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From Hollin Wilkins <>
Subject Re: [ML] MLeap: Deploy Spark ML Pipelines w/o SparkContext
Date Mon, 06 Feb 2017 14:08:22 GMT
Hi All -

We got a number of great questions and ended up adding responses to them on
the MLeap Documentation page, in the FAQ section
<>. We're also including a "condensed"
version at the bottom of this email.

We appreciate the interest and the discussion around MLeap - going from
research to production has been a key focus for us for a while and we are
very passionate about this topic. We welcome community feedback and support
(code, ideas, use-cases) and aim to make taking ML Pipelines to production
a pleasant experience.


Hollin and Mikhail



Does MLeap Support Custom Transformers?

Absolutely - our goal is to make writing custom transformers easy. For
documentation writing and contributing custom transformers, see the Custom
<> page.

What is MLeap Runtime’s Inference Performance?

MLeap is optimized to deliver execution of entire MLeap Pipelines in
(1/1000s of a millisecond). We provide a benchmarking library
<> as part of
MLeap that reports the following response times on a pipeline comprised of
vector assemblers, standard scalers, string indexers, one-hot-encoders and:


   Linear Regression: 6.2 microseconds vs 106 milliseconds with Spark using
   Local Relation

   Random Forest: 6.8 microseconds vs 101 milliseconds with Spark Local

What Should Be Considered When Making a Decision Between Using MLeap and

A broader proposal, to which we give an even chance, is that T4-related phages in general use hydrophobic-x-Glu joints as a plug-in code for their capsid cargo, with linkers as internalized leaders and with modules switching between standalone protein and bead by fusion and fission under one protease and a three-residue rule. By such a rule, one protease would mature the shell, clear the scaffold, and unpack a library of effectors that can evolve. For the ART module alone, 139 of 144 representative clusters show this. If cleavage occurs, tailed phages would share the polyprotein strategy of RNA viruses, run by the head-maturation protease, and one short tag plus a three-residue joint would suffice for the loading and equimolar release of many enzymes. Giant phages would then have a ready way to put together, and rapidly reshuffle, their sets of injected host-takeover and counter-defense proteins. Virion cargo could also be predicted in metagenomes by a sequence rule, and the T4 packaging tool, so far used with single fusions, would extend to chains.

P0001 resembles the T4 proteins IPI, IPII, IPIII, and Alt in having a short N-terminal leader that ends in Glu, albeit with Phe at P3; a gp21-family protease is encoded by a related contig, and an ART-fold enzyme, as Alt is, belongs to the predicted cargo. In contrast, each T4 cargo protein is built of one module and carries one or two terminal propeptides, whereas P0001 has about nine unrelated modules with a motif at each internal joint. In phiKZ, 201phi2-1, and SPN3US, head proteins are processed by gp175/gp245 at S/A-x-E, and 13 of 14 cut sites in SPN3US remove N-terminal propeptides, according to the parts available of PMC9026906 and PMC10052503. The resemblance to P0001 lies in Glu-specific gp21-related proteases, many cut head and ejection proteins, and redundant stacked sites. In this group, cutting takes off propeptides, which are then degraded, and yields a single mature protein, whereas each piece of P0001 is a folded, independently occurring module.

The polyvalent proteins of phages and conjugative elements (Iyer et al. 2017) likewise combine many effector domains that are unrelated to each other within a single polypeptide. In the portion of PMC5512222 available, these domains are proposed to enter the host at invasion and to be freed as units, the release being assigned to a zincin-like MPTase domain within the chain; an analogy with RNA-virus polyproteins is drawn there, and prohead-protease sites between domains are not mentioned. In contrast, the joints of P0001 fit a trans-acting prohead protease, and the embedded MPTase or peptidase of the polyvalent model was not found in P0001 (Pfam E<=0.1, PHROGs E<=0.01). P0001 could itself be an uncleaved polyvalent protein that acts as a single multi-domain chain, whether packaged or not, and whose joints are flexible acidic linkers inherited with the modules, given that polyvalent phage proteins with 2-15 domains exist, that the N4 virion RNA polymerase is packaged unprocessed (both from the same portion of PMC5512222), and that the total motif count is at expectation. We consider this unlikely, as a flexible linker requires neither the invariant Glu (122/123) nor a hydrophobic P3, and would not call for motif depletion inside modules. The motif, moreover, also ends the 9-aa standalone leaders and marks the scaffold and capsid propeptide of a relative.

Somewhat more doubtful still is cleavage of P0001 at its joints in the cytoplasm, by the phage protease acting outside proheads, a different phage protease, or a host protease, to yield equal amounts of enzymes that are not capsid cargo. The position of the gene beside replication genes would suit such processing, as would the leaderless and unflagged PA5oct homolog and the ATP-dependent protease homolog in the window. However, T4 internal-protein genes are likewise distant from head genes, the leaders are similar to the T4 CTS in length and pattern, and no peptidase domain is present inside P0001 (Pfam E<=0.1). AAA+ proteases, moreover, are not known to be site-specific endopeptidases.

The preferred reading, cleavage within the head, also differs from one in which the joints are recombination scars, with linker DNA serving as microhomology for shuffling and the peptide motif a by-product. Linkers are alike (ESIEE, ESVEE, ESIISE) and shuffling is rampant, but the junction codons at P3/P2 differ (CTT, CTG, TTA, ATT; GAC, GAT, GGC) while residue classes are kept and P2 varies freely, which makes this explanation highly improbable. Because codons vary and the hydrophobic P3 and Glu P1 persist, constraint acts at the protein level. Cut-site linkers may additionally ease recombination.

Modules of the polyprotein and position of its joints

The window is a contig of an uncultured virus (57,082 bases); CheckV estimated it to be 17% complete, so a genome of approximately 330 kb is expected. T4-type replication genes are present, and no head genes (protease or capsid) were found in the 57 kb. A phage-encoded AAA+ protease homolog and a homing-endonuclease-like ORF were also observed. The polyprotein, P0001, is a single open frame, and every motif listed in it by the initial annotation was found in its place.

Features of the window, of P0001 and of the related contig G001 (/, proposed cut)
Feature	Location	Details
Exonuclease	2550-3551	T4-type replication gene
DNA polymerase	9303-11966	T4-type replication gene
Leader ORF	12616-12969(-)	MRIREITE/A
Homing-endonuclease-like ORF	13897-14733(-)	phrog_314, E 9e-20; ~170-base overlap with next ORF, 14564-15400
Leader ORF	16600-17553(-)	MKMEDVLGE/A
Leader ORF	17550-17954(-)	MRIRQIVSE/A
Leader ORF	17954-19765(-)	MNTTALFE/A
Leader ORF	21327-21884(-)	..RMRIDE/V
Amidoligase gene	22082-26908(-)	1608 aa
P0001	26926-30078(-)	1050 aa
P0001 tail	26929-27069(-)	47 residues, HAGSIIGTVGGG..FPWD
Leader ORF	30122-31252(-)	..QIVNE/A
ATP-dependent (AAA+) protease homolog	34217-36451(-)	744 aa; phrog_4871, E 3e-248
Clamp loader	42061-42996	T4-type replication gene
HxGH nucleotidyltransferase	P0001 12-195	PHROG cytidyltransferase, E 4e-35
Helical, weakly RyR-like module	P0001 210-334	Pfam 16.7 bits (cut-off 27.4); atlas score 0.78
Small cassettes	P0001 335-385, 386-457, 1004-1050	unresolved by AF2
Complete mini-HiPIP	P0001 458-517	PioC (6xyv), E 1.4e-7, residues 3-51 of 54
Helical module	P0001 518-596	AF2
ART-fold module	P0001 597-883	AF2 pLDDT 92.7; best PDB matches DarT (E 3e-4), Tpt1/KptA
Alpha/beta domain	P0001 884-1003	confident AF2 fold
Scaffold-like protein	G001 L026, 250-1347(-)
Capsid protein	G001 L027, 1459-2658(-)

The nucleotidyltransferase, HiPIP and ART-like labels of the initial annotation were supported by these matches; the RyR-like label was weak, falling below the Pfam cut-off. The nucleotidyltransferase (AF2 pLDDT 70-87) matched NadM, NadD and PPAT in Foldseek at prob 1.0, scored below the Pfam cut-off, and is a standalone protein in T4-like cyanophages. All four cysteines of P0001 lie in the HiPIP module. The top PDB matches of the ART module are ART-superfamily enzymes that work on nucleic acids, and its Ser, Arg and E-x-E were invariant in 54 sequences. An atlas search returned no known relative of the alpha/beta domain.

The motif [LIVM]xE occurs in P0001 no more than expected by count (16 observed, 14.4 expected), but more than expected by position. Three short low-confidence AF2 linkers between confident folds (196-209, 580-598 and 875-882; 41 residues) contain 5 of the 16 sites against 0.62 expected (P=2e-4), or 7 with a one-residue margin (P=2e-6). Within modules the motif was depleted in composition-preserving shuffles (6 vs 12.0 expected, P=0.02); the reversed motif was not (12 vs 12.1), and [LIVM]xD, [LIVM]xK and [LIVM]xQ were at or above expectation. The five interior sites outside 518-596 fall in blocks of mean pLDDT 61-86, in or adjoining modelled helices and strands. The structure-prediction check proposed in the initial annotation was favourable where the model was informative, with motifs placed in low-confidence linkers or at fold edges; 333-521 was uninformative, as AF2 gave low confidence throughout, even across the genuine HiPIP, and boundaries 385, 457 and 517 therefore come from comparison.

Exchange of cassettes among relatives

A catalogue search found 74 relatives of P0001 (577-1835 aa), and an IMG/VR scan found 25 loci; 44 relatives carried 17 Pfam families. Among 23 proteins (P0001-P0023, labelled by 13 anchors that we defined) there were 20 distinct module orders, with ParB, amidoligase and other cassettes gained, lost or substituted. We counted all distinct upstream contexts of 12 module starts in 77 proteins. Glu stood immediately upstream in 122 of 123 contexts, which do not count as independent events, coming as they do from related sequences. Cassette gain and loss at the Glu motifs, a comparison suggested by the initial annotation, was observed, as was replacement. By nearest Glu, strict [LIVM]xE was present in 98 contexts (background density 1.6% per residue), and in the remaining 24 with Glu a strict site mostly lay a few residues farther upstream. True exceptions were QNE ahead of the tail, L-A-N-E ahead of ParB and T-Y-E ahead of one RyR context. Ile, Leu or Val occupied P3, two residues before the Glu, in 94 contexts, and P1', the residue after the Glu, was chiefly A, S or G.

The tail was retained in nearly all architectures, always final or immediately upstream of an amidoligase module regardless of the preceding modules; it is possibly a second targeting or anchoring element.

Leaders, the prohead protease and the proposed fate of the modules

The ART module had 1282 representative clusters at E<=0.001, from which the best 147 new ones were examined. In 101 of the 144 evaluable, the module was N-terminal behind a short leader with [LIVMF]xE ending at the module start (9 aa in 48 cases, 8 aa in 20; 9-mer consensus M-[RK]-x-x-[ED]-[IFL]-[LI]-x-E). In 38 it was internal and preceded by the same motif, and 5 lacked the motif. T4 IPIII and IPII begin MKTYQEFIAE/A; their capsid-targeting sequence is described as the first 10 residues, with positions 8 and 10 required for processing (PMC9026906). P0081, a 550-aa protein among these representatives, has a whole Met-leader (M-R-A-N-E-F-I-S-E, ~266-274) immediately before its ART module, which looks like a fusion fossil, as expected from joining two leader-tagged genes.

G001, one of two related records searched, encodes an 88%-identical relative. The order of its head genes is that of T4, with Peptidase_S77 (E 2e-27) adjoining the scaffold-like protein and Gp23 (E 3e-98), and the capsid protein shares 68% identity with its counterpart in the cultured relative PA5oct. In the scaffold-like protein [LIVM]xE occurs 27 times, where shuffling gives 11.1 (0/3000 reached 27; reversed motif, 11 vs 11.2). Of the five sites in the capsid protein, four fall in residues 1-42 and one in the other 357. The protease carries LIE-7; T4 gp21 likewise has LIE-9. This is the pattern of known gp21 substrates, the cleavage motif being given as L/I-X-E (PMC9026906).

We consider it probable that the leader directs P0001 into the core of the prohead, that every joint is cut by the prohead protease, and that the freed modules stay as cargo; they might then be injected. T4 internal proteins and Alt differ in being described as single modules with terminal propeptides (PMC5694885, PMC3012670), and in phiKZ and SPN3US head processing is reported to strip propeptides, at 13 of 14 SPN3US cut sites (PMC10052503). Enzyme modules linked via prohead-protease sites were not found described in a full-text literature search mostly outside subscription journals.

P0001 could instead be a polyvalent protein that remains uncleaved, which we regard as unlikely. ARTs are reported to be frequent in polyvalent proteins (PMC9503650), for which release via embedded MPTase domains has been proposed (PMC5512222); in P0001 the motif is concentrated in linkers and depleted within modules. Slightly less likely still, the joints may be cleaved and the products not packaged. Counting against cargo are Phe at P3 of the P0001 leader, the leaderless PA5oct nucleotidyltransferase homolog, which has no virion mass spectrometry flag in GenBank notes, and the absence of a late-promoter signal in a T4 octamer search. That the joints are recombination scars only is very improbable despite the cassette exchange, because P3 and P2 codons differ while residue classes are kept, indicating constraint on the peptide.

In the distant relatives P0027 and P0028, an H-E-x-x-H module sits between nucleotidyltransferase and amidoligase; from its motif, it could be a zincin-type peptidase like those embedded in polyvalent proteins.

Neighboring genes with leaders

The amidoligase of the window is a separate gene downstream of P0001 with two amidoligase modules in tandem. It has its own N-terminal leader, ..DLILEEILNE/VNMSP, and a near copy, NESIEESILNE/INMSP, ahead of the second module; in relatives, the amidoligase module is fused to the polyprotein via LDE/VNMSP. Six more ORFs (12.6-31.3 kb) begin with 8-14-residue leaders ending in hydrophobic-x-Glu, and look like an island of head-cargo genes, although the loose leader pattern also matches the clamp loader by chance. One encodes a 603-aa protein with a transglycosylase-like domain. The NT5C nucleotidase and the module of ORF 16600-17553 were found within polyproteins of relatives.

other Serialization/Execution Frameworks?

MLeap serialization is built with the following goals and requirements in


   It should be easy for developers to add custom transformers in Scala and
   Java (we are adding Python and C support as well)

   Serialization format should be flexible and meet state-of-the-art
   performance requirements. MLeap serializes to protobuf 3, making scalable
   deployment and execution of large pipelines and models like Random Forests
   and Neural Nets possible

   Serialization should be optimized for ML Transformers and Pipelines

   Serialization should be accessible for all environments and platforms,
   including low-level languages like C, C++ and Rust

   Provide a common serialization framework for Spark, Scikit, and
   TensorFlow transformers

Is MLeap Ready For Production?

Yes - MLeap is used in a number of production environments today. MLeap
0.5.0 release provides a stable serialization and execution format for ML
Pipelines. Version 1.0.0 will guarantee backwards compatibility.

Why Not Use a SparkContext With a LocalRelation DataFrame?